So, You Want Culture Change

imageGrappling with culture is one of the issues Safety does poorly. After all, the industry and its STEM gestalt are not well equipped to even define culture well. This is most evident in the OHS Body of Knowledge (https://www.ohsbok.org.au/). Once again, unless the industry is prepared to step outside of STEM, it isn’t going to get far in addressing the issue of culture. Indeed, it seems Safety finds it best to just put it into the too hard basket, simply because the industry is not prepared to tackle a transdisciplinary approach to knowledge. Perhaps, the current strategy demonstrates that culture is too much of a ‘wicked problem’ to tackle. Indeed, when STEM looks at ‘gaps’ in knowledge within its own paradigm it doesn’t even consider the critical issue of ‘knowledge cultures’ (https://www.tandfonline.com/doi/abs/10.1080/09540091.2016.1273880; https://sts.univie.ac.at/en/research/completed-research-projects/transdisciplinarity-as-culture-and-practice/; https://www.sciartmagazine.com/uploads/6/0/8/9/6089526/towards_a_transdiciplinary_culture_by_julia_buntaine.pdf)

Artistic knowledge, poetic knowledge, indigenous knowledge, anthropological knowledge, philosophical knowledge, educational knowledge, theological knowledge, transdisciplinary knowledge, phenomenological knowledge, existentialist knowledge, social psychological knowledge, discourse theory knowledge, cultural theory knowledge and semiotic knowledge are all represented in cultures that stand outside the knowledge culture of STEM. No wonder Safety struggles with culture and doesn’t seem to get anywhere. Even its maps of meaning (semiosis) in knowledge are infused with STEM metaphors (https://safetyrisk.net/why-metaphors-matter-in-risk/) and dominate the OHS BoK.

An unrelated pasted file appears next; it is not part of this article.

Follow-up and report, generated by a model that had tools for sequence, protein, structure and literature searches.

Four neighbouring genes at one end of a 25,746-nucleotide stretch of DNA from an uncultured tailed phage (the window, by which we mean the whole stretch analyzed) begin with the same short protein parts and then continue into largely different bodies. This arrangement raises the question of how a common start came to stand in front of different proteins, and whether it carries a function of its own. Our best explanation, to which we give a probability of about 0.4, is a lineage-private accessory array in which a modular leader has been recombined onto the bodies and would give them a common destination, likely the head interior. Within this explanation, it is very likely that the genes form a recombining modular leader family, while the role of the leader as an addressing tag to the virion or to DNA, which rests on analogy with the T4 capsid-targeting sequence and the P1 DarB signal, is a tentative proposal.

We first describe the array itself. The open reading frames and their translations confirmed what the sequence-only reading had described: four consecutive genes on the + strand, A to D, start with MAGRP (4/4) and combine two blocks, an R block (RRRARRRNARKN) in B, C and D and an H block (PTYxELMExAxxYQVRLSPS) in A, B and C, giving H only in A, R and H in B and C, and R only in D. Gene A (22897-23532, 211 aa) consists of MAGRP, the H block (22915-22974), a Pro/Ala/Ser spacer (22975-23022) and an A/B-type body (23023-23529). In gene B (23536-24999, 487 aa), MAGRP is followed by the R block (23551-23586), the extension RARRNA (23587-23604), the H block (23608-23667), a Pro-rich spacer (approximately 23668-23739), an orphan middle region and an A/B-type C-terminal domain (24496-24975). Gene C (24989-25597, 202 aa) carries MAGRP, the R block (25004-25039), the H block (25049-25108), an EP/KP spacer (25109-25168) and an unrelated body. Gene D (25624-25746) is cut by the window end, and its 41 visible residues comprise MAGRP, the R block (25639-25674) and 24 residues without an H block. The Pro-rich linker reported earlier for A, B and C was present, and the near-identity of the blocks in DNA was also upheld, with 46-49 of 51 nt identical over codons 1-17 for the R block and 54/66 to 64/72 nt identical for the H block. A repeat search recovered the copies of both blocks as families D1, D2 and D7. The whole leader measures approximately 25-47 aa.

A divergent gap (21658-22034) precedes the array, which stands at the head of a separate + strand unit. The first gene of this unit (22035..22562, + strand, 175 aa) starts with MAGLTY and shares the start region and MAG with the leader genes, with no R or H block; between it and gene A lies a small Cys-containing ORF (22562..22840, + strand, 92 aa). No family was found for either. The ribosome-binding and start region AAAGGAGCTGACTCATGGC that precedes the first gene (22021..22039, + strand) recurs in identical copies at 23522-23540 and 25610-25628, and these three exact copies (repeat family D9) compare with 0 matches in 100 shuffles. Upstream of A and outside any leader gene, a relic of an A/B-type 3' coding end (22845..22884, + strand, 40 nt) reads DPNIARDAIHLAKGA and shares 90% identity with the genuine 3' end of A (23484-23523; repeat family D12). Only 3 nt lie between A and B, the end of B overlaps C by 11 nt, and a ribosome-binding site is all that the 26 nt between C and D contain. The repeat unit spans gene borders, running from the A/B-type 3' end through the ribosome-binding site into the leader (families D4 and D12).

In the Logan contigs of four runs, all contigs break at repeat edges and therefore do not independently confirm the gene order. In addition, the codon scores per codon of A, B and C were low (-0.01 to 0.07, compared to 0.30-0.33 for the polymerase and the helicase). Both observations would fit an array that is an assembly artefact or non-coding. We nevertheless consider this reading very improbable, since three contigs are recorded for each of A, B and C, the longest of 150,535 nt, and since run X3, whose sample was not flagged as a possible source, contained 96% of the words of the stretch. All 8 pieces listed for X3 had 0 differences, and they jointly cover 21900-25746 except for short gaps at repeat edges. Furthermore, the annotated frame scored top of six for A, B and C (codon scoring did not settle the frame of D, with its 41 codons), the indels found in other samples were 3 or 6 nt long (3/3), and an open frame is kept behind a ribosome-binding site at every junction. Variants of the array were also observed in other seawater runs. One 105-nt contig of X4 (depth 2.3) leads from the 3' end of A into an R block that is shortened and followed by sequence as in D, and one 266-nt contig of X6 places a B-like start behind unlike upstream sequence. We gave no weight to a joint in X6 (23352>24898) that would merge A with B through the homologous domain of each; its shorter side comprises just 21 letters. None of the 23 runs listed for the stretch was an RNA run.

So, if you are challenged in your organisation by elusive cultural issues perhaps put down the OHS BoK and start with Yuri Lotman (1990) ‘Universe of the Mind, A Semiotic Theory of Culture’ or Lotman (2013) ‘The Unpredictable Workings of Culture’. Unfortunately, you won’t find any of the knowledge cultures listed above in the OHS BoK or even discussion of ‘knowledge cultures’ in any of the OHS BoK framework or any reference to the work of Lotman (and many others critical for understanding culture). Indeed, when one looks at the OHS BoK for essential texts on culture dozens of critical texts are missing.

The best way to achieve some success in cultural understanding and change is to expand and broaden ones understanding of culture itself. Perhaps this is why organisations struggling with the issue of culture and safety don’t seem to get anywhere. When an institution thinks resilience can be engineered (https://safetyrisk.net/why-resilience-cannot-be-engineered/ ), or that fallibility can be denied (http://visionzero.global/) or that culture is behaviourism (throughout the BoK) you really do have a problem in understanding humans and ecological foundations of culture.